In a world where there is a need to be constantly connected, many people's smartphones hold the key to that connection. They are never too far from their owner, and nearly every urban environment has tower signal or Wi-Fi available to some degree. One place that used to be the exception was professional sports stadiums, to the chagrin of tens of thousands of people at every single event. Luckily, in the past year alone there has been a huge jump in stadium Wi-Fi deployments this year alone according to Mobile Sports Report. Owners have heard the call, and the number of stadiums with full Wi-Fi capabilities has almost doubled to around 65%.
If you're a frequent traveler and looking to catch a Rockies' game next time you're in Denver, you might just be able to skip past those long lines to get in when the doors open. That's because the Rockies have joined the SF Giants, by bringing Clear technology to Coors' Field. That's right, the same tech that let's you skip the line at the airport allows you to skip the line at the ballpark too. The clear system goes live in Denver tonight, and if you're already signed up for Clear, you can use it immediately. If not a Clear member, you can sign up, and they'll even offer you a discount to upgrade to the airport membership.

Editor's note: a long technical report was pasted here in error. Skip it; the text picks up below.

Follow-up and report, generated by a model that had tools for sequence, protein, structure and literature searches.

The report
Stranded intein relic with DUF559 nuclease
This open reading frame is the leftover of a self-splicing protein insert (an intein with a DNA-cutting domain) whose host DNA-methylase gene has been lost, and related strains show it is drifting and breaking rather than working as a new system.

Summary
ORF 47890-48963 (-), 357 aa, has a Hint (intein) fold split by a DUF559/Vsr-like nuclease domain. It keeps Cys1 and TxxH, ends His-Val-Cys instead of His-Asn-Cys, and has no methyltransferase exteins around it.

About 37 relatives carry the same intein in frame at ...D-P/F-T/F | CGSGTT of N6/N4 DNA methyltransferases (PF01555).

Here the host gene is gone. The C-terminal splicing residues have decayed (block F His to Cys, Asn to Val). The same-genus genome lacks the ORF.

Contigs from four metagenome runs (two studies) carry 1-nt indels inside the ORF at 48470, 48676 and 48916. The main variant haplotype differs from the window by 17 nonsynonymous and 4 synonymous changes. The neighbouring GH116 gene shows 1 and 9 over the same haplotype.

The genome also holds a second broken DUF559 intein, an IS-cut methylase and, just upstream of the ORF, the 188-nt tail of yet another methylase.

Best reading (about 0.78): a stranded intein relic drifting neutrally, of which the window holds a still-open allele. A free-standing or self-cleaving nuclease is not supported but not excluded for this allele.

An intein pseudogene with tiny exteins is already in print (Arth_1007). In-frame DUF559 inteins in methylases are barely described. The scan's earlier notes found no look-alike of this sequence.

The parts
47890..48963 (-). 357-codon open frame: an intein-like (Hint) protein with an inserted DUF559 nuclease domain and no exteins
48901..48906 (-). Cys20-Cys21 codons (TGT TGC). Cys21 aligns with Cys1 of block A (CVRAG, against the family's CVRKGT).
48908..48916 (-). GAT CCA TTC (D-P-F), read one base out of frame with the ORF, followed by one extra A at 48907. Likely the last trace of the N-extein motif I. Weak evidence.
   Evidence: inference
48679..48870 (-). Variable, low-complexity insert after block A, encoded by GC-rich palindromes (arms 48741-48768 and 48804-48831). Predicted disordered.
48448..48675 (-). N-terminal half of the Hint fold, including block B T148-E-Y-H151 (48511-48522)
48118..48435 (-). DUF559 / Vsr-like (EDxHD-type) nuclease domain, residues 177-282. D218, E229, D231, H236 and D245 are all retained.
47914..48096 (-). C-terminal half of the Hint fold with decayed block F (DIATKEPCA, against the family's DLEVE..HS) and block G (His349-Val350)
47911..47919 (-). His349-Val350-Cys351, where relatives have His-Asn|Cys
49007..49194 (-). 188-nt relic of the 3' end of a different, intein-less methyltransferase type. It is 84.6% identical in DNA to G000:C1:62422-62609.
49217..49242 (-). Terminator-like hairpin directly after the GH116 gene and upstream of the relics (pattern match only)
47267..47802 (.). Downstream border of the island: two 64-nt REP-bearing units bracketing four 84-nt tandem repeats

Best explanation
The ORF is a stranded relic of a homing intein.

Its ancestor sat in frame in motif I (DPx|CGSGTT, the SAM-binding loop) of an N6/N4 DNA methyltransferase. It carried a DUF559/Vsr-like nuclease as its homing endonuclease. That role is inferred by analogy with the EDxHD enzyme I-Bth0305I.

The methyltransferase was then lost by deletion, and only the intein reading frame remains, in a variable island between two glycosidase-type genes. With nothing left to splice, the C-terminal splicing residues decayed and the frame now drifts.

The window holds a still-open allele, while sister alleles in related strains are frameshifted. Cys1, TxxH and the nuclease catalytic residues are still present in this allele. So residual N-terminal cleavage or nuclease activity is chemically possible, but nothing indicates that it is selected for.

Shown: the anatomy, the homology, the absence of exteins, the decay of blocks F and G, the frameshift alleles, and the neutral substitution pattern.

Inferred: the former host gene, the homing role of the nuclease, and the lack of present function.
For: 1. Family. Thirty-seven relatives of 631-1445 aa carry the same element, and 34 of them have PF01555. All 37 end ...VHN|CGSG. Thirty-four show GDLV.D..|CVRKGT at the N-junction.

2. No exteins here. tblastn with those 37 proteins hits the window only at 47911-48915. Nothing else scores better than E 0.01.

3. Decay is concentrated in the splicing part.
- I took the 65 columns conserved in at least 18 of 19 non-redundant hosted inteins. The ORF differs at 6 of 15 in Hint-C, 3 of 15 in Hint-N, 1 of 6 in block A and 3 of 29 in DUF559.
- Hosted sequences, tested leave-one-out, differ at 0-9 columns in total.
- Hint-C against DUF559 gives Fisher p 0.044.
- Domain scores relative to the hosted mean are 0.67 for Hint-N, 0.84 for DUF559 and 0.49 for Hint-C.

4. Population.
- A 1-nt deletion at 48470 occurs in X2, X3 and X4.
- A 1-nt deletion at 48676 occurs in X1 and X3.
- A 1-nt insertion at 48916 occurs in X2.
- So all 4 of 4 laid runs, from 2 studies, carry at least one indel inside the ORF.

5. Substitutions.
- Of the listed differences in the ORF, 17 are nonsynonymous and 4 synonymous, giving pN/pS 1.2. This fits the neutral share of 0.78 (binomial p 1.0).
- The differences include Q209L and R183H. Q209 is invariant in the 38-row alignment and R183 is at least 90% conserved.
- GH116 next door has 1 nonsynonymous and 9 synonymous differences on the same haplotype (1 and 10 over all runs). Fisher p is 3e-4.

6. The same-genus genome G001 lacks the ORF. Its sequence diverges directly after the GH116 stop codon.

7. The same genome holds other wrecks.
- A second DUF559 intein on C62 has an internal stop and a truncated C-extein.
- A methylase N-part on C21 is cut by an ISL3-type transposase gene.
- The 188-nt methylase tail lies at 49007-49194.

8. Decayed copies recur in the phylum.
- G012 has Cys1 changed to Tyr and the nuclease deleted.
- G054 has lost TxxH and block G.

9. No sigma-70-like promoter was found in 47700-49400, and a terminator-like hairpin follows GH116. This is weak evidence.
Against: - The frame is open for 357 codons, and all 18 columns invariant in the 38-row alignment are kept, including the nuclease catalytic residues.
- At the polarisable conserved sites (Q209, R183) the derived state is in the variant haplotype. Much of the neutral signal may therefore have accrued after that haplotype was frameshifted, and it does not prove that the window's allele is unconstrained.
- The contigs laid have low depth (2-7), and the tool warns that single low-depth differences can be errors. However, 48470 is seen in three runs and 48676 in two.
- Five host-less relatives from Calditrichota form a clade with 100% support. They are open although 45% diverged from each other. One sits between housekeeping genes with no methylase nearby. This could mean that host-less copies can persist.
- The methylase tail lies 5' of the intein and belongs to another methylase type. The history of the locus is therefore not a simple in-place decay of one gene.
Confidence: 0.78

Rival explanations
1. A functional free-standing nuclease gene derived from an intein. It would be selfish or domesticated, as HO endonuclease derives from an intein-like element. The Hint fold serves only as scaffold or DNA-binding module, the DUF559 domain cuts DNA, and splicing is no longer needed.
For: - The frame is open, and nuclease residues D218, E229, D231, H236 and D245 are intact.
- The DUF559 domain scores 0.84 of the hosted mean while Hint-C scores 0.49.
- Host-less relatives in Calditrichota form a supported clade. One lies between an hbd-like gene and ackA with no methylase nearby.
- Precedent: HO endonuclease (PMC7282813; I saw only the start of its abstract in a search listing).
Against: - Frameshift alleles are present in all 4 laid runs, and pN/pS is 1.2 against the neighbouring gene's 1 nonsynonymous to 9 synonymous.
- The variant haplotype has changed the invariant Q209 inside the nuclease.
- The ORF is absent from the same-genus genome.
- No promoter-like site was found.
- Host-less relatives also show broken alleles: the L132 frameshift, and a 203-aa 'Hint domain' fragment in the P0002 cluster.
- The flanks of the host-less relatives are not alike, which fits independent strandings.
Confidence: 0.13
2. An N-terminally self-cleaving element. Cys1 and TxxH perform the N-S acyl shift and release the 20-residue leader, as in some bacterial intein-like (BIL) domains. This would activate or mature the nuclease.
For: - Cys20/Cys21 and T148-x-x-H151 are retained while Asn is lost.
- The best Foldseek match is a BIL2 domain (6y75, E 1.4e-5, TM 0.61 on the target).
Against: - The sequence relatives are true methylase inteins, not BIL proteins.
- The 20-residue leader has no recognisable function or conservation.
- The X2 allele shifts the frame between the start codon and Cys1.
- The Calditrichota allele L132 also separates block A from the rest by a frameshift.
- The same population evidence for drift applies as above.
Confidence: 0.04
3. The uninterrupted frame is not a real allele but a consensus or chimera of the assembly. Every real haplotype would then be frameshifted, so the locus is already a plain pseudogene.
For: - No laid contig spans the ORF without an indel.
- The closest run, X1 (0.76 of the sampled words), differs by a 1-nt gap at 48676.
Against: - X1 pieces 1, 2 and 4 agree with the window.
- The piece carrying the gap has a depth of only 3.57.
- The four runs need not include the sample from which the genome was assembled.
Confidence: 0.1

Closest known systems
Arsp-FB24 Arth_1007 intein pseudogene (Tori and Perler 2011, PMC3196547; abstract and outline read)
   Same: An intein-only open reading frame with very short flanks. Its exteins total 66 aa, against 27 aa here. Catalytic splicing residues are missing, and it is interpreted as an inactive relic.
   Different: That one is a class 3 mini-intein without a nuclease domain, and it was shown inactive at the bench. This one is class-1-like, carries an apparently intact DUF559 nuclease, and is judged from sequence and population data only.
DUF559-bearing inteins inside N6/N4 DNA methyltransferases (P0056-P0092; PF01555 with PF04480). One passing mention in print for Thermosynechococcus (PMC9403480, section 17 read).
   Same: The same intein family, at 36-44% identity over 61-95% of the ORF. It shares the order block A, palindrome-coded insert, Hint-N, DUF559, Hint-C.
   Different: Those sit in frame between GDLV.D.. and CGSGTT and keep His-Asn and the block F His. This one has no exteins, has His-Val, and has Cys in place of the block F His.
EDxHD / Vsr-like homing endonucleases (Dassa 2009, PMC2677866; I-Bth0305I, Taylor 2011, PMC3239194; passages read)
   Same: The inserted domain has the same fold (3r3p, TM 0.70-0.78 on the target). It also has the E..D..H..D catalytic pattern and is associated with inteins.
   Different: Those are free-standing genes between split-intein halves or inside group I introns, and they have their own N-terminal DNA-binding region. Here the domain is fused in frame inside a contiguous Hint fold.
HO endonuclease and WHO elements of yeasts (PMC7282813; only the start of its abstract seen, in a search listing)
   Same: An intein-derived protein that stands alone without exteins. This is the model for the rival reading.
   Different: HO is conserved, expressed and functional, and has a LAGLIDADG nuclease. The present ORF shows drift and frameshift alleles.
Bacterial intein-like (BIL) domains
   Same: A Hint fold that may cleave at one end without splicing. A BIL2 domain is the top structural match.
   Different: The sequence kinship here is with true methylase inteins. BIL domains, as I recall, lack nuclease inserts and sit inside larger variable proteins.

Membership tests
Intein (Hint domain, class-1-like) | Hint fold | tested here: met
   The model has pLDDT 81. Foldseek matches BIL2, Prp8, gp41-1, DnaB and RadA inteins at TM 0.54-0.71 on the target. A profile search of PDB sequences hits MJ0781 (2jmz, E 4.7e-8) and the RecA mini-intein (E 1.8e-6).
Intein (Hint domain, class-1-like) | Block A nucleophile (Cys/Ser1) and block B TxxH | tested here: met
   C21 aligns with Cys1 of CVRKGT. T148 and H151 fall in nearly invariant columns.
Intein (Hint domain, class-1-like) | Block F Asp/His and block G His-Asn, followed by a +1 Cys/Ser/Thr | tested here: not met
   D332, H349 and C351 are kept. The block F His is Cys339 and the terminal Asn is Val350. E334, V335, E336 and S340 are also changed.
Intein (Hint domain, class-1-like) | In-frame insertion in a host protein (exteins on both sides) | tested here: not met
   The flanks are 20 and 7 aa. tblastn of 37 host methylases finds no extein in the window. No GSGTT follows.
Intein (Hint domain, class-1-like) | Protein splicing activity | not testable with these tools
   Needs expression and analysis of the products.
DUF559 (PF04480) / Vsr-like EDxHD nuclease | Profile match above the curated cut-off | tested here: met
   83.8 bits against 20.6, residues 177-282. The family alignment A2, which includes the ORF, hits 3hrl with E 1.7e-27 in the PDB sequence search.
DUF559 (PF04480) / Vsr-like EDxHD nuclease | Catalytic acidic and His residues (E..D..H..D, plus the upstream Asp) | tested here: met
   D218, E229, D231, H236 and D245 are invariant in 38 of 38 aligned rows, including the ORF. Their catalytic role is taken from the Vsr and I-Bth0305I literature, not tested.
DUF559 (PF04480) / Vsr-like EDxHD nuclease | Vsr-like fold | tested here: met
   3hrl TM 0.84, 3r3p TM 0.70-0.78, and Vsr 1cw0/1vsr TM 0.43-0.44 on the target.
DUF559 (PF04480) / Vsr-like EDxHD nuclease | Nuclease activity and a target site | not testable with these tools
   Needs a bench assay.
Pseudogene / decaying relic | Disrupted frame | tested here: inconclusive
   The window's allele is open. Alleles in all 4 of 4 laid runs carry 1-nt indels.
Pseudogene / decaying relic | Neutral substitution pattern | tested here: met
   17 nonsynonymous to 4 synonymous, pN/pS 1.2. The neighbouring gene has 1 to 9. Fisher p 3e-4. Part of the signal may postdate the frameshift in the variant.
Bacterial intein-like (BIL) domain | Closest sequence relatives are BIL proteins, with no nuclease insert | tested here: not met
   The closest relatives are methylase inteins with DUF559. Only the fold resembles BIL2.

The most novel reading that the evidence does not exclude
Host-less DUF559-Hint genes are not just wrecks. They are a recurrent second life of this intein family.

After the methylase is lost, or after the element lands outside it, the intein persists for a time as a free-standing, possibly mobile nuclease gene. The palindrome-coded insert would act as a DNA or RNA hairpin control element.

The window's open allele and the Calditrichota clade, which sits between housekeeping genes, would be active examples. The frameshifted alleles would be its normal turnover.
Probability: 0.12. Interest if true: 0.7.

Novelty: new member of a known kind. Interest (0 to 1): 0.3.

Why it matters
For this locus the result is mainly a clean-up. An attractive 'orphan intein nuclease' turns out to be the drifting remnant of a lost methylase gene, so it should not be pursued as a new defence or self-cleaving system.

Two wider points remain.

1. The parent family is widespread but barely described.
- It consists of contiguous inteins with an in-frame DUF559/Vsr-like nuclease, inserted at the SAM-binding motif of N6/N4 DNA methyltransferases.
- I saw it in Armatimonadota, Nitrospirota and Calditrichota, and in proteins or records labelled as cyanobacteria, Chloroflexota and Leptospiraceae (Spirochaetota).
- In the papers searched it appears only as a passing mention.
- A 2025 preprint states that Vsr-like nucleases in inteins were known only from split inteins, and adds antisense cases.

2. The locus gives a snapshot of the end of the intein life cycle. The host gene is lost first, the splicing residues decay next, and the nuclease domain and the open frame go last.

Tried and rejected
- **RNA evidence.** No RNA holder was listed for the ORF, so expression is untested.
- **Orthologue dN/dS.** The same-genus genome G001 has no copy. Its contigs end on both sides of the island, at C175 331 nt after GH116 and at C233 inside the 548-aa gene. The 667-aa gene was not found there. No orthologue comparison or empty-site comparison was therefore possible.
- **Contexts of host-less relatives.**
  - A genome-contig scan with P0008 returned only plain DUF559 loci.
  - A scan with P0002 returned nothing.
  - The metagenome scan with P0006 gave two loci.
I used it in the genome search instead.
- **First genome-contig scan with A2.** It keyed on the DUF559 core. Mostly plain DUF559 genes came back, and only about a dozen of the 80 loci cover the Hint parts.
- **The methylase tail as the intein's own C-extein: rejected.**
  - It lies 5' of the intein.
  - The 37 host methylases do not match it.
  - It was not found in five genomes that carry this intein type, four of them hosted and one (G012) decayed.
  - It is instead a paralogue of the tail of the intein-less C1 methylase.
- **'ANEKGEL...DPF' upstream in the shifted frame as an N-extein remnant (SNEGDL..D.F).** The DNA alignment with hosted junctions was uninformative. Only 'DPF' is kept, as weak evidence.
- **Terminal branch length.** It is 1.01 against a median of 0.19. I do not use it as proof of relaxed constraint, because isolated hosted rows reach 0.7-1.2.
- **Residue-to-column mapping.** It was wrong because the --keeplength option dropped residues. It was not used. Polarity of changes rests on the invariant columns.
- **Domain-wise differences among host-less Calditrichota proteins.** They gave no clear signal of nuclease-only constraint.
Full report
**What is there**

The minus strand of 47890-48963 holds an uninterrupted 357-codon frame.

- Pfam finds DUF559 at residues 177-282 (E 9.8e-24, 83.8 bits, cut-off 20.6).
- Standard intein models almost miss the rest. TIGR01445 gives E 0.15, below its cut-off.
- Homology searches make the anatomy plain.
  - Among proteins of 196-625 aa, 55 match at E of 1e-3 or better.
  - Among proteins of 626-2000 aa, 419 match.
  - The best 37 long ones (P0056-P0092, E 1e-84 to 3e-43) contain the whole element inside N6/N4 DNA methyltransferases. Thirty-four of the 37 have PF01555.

MLS stadiums are also continuing to grow up and become more connected. After seeing the huge love and admiration fans have for the stadiums of Sporting Kansas City, San Jose Earthquakes, and Houston Dynamo, the management of Orlando City wants to join the stadium technology revolution. In addition to being designed specifically for soccer events, their new stadium plans have also been designed around providing a hi-tech and connected experience for fans. On top of the now standard giant video screen, it will feature robust Wi-Fi and custom apps for food/drink ordering once opened in 2016. Less than 2,000 season tickets are left for it's opening season, despite not yet breaking ground on the site.
At Big 10 media day this past week, Michigan Athletic Director Jim Hackett spoke about improving fan experience at games. Specifically he addressed issues relating to connectivity. Phone signal has always been a problem in large crowds, and in a crowd of 100,000 can be simply a pipe dream. To ease the burden, AT&T started improvements at the stadium with a handful of new antennas and will continue working with Michigan going forward to make improvements.
Over in the Pac-12, existing stadium technology is going to be utilized in a new way in the hopes of increasing fan engagement in the stands. Beginning this year all plays that come under review will have the fans treated to the same replays that the officials are looking at up in the booth. This includes every angle of the play when caught from different viewpoints. This kind of transparency is welcome for many fans, who often feel left in the dark about what is happening during extended replay reviews.